New Law Eliminates 75-Year-Old Antitrust Exemption for “Business of Health Insurance” | Jones Day

The Scope of McCarran‑Ferguson

The “Business of Insurance”

The McCarran-Ferguson Act exempts from antitrust review certain insurer activities that are part of the “business of insurance,” which are regulated by state law but do not amount to a boycott, coercion, or intimidation. Courts have interpreted the “business of insurance” to apply to conduct that (i) has the effect of transferring or spreading a policyholder’s risk; (ii) is an integral part of the policy relationship between the insurer and the insured; and (iii) is limited to entities within the insurance industry.

What activities qualify as the “business of insurance” is not always clear and is subject to courts’ interpretation. Courts have applied the McCarran-Ferguson exemption to cooperative ratemaking efforts, development of standard policy forms, joint underwriting, decisions to accept or deny insurance applications, claims handling, and reinsurance. Just last month, a federal district court ruled that McCarran-Ferguson exempted from federal antitrust review a decision by the Blue Cross Blue Shield Association and five plan administrators to deny coverage for LifeWatch’s telemetry heart monitors. A case on appeal in the Eleventh Circuit explores whether McCarran-Ferguson exempts Florida Blue’s policy of prohibiting its brokers from selling health plans of competing insurers. In contrast, courts have held that McCarran-Ferguson does not exempt reimbursement agreements between insurers and providers, an insurer’s use of physicians for peer review of medical bills, financial or investment products that do not involve risk spreading, certain agreements with third-party vendors, and tying of insurance with noninsurance products, among other practices.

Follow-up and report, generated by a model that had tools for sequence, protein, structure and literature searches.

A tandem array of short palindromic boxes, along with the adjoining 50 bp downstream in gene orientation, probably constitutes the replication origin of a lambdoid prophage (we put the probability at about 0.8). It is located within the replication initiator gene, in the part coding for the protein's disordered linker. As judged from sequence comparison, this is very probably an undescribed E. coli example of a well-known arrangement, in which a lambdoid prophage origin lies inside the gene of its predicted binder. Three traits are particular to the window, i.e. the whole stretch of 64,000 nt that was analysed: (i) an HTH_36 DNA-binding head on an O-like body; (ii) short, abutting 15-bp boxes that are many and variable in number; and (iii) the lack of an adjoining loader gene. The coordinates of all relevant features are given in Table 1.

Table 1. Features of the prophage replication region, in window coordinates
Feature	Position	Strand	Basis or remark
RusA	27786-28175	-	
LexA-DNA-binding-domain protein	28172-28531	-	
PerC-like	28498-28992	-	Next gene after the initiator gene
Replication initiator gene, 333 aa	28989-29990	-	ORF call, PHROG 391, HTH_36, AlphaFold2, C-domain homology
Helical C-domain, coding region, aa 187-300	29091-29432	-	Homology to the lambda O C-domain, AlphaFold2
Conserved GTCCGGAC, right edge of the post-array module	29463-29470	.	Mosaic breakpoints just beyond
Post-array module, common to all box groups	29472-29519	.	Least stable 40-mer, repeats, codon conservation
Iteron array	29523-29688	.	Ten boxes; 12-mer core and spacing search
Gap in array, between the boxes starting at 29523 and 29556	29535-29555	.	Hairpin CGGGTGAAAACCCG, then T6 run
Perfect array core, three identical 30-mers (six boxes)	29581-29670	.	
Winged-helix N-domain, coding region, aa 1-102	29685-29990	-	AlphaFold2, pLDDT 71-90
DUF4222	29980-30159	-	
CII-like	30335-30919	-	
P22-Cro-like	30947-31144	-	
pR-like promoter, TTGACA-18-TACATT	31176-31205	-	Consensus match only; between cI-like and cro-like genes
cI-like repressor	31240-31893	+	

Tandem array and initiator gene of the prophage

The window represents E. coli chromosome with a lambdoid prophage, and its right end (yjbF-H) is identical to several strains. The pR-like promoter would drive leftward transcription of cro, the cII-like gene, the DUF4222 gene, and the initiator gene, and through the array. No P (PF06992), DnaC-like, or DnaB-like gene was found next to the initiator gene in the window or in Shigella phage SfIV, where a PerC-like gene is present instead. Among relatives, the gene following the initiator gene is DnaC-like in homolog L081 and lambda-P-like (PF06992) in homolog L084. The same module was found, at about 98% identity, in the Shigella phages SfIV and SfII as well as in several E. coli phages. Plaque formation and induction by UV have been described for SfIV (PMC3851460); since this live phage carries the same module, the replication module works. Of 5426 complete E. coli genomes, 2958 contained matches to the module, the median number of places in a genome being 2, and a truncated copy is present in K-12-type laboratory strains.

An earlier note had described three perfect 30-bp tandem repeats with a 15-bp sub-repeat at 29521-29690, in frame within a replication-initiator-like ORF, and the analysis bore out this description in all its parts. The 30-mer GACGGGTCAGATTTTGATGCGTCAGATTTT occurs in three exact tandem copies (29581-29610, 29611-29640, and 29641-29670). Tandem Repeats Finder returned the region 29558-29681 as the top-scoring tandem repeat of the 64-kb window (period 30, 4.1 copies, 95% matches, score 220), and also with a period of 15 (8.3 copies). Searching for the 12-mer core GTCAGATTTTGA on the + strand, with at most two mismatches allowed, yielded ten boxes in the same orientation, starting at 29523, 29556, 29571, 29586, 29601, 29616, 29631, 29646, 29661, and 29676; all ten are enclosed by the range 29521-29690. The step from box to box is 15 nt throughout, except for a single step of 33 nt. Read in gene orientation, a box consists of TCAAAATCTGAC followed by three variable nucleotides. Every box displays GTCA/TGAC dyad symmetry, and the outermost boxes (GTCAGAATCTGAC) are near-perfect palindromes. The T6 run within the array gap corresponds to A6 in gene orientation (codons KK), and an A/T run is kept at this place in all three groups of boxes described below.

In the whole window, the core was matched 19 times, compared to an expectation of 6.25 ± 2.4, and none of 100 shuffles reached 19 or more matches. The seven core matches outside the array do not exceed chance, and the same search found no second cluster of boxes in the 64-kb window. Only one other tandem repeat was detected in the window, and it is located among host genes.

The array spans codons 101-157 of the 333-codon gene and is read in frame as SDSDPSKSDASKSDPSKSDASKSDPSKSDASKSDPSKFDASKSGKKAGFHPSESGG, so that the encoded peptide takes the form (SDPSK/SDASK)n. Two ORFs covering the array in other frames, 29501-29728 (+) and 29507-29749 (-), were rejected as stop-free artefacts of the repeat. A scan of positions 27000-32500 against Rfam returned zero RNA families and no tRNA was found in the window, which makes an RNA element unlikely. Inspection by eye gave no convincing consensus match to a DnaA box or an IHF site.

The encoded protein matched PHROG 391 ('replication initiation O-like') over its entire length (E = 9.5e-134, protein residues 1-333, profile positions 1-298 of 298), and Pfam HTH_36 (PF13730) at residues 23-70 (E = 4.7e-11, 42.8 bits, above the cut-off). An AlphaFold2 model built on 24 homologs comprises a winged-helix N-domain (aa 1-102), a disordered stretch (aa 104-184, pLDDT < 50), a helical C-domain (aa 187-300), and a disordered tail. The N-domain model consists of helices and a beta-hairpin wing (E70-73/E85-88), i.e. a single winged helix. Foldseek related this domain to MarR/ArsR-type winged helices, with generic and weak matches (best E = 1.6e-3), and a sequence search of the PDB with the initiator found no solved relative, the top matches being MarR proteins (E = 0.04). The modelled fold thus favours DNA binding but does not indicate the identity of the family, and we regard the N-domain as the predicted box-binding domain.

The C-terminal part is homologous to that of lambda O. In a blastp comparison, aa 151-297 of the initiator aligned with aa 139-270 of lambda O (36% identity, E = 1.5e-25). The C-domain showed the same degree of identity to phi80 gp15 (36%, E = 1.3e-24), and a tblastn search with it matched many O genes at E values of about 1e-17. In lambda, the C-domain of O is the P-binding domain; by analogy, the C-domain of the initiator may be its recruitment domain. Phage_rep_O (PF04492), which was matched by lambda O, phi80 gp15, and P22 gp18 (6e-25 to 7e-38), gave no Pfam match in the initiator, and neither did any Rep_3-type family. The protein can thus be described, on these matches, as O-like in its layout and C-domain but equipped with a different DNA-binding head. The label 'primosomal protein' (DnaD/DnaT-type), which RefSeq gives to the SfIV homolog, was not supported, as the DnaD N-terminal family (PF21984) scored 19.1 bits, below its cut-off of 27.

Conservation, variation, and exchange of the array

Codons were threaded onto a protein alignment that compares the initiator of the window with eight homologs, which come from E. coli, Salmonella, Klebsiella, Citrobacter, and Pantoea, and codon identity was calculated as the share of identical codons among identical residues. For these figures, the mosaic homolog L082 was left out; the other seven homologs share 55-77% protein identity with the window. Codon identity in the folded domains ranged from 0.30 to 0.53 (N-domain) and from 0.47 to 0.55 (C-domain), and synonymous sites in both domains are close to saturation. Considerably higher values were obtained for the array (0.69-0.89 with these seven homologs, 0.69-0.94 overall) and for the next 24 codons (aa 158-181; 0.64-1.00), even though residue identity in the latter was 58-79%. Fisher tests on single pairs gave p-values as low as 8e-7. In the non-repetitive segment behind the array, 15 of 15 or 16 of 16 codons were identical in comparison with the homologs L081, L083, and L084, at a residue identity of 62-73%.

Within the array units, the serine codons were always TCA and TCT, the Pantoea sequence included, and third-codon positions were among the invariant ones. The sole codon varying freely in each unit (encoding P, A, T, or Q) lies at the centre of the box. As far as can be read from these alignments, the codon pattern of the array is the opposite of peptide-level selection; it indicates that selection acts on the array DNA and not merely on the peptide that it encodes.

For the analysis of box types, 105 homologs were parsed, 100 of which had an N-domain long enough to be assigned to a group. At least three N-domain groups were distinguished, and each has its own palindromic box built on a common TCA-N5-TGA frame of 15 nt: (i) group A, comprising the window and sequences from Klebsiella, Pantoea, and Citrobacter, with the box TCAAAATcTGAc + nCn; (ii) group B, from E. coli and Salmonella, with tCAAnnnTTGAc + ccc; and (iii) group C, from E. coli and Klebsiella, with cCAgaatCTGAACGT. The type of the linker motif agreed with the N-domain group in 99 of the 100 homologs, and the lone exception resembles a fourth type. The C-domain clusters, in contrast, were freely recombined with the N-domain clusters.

Regulated by State Law

Courts have held that a state’s general administrative insurance regulation framework satisfies McCarran-Ferguson’s “regulated by state law” requirement.

The Latest Effort to Repeal McCarran‑Ferguson

In the 75 years since McCarran-Ferguson became law, members of Congress have introduced dozens of bills to repeal or otherwise limit the exemption, but none passed or achieved such broad bipartisan support. CHIRA revokes application of McCarran-Ferguson to health insurance only, which it defines also to include the business of dental insurance and limited-scope dental benefits. CHIRA makes clear that the McCarran-Ferguson exemption continues to apply to life insurance and property or casualty insurance.

Although CHIRA repeals the McCarran-Ferguson federal antitrust exemption as to health insurance generally, CHIRA carves out certain health insurer activities to which the McCarran-Ferguson exemption will continue to apply. The exemption will continue to apply to joint efforts among health insurers to:

  • Collect, compile, or disseminate historical loss data;
  • Determine a loss development factor applicable to historical loss data;
  • Perform actuarial services if such contract, combination, or conspiracy does not involve a restraint of trade; and
  • Develop or disseminate a standard insurance policy form (including a standard addendum to an insurance policy form and standard terminology in an insurance policy form), so long as parties do not agree to adhere to a standard form.

Impact of CHIRA on Health Insurers

The impact of repealing McCarran-Ferguson is hotly debated. Those who support repeal claim there is no reason for insurance companies to have an exemption when most other industries are subject to the federal antitrust laws. The Department of Justice Antitrust Division (“DOJ”) lauded CHIRA, stating that courts have interpreted McCarran-Ferguson “to allow a range of harmful anticompetitive conduct in health insurance markets.”

Those who oppose repeal, including the National Association of Insurance Commissioners, say that McCarran-Ferguson merely insulates procompetitive activity from costly federal litigation and that many state antitrust laws, insurance laws, and regulatory oversight already prohibit anticompetitive conduct, such as bid rigging, price fixing, and market allocation. They claim a new “layer of federal review would only lead to increased costs, confusion, and possible conflicts in federal and state courts.”

Regardless of the policy debate, CHIRA affects health insurers’ antitrust risk in the following ways.

Conduct that Has Never Been Exempt